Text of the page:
It’s not normal to be posted to a war zone unless you are in military service, but sometimes you just happen to be in the wrong place at the wrong time. This has happened to me twice and somehow the pax (clients) didn’t even notice the potential danger.
The first time was in the Middle East where I was leading a grand tour through several countries, including Lebanon. I had arrived only a month after the assassination of Rafic Hariri and the crater left by the car bomb was still present in a sealed off area of the city. There was also a memorial shrine in the centre of Beirut where people could pay their respects to the former Prime Minister of the country.
The night before my clients were due to arrive, while staying in a downtown hotel, I heard the sound of a large explosion. I didn’t want to jump to conclusions but after about one hour, news stories began to appear on CNN and Al Jazeera that a car bomb had gone off in the New Jdeideh suburb of Beirut. Strangely, I wasn’t concerned for my own safety but whether or not my tour would be cancelled. After checking that the Foreign Office had not placed any restrictions on Lebanon or the areas we would be visiting, it was decided that the tour should go ahead. Walking around town the next day I could not help being a bit nervous and became suspicious of every parked vehicle. I was quite glad to pick up my pax from the airport and head out of town to the tourist sites. In the two weeks that followed, another 3 bombs were detonated and during that year a total of 15 were recorded, many of them attempts to assassinate anti-Syrian government ministers and journalists.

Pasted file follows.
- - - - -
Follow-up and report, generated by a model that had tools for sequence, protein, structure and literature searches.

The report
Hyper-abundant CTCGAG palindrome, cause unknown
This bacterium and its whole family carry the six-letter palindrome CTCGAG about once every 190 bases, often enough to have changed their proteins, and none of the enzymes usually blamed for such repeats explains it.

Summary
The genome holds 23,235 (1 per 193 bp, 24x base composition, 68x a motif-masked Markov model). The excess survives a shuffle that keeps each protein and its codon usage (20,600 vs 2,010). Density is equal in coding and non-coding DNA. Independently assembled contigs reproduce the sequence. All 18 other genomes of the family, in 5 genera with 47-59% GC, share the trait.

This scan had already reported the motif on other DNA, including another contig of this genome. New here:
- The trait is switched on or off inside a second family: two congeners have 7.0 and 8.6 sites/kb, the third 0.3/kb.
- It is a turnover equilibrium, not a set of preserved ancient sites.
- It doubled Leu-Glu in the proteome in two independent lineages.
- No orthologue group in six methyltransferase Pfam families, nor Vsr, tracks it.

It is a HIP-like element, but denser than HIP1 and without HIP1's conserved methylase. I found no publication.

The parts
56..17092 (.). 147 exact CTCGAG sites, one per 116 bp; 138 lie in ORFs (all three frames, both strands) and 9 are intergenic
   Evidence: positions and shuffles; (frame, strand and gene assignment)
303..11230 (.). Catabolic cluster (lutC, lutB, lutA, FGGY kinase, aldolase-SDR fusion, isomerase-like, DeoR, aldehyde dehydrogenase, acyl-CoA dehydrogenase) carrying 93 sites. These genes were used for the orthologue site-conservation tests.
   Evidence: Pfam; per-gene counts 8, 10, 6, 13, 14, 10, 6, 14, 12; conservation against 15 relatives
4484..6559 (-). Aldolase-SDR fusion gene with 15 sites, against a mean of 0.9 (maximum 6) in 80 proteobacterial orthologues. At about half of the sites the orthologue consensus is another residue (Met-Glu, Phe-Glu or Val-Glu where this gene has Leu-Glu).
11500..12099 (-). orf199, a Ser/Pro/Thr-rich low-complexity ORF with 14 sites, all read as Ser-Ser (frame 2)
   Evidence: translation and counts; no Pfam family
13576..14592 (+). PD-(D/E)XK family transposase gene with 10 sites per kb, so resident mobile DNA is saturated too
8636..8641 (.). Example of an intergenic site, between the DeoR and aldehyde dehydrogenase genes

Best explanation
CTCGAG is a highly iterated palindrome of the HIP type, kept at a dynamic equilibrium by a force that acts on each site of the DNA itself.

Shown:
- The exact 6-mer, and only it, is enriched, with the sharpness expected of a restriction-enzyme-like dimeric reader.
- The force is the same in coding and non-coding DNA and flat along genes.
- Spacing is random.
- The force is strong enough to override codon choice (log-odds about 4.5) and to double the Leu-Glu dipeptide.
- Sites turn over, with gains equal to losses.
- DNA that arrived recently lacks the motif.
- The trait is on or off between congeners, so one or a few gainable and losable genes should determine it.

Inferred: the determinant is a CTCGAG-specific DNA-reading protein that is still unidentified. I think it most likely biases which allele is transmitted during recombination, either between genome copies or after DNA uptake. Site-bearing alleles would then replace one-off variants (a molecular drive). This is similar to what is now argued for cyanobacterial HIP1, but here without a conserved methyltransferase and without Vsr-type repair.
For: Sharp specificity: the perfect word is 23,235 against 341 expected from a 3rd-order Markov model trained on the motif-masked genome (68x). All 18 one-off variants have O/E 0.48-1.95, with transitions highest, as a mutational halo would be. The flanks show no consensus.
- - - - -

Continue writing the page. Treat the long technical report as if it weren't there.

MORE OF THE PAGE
My second brush with danger occurred in Uganda while leading a tour to trek the mountain gorillas. The main habitat for the mountain Gorillas is the Virunga Mountains, which form the border between Uganda, Rwanda and the Democratic Republic of Congo.
On the way back from a nature walk in the Bwindi Impenetrable forest, I came across a large group of military men carrying weapons, and a tank. After making some enquiries with the locals, I discovered that there had been a bank robbery at the neighbouring town by Congolese rebels. Three people had been killed during the raid but surely a tank was overkill for a bank robbery, so I made some more enquiries. It transpired that a British engineer had been killed further north, on Lake Albert, where he had been working for an oil company. This incident had sparked a border dispute between Uganda and the DRC resulting in the border areas being reinforced with additional military forces.
In both of these cases, the pax seemed unaware of the potential for danger and indeed there was no evidence in either case to say that they were actually in any danger themselves. The bombs in Beirut were placed in the suburbs of the city and seemingly to create damage rather than to actually kill anybody. In Uganda, both were isolated incidents and the presence of an increased military force only served to provide a safer environment.
The incidents mentioned above were targeting tourists. However, it always amazes me that people consider the Middle East and Africa dangerous places to travel when in fact historically tourists have been directly targeted in Turkey, SE Asia and South America far more.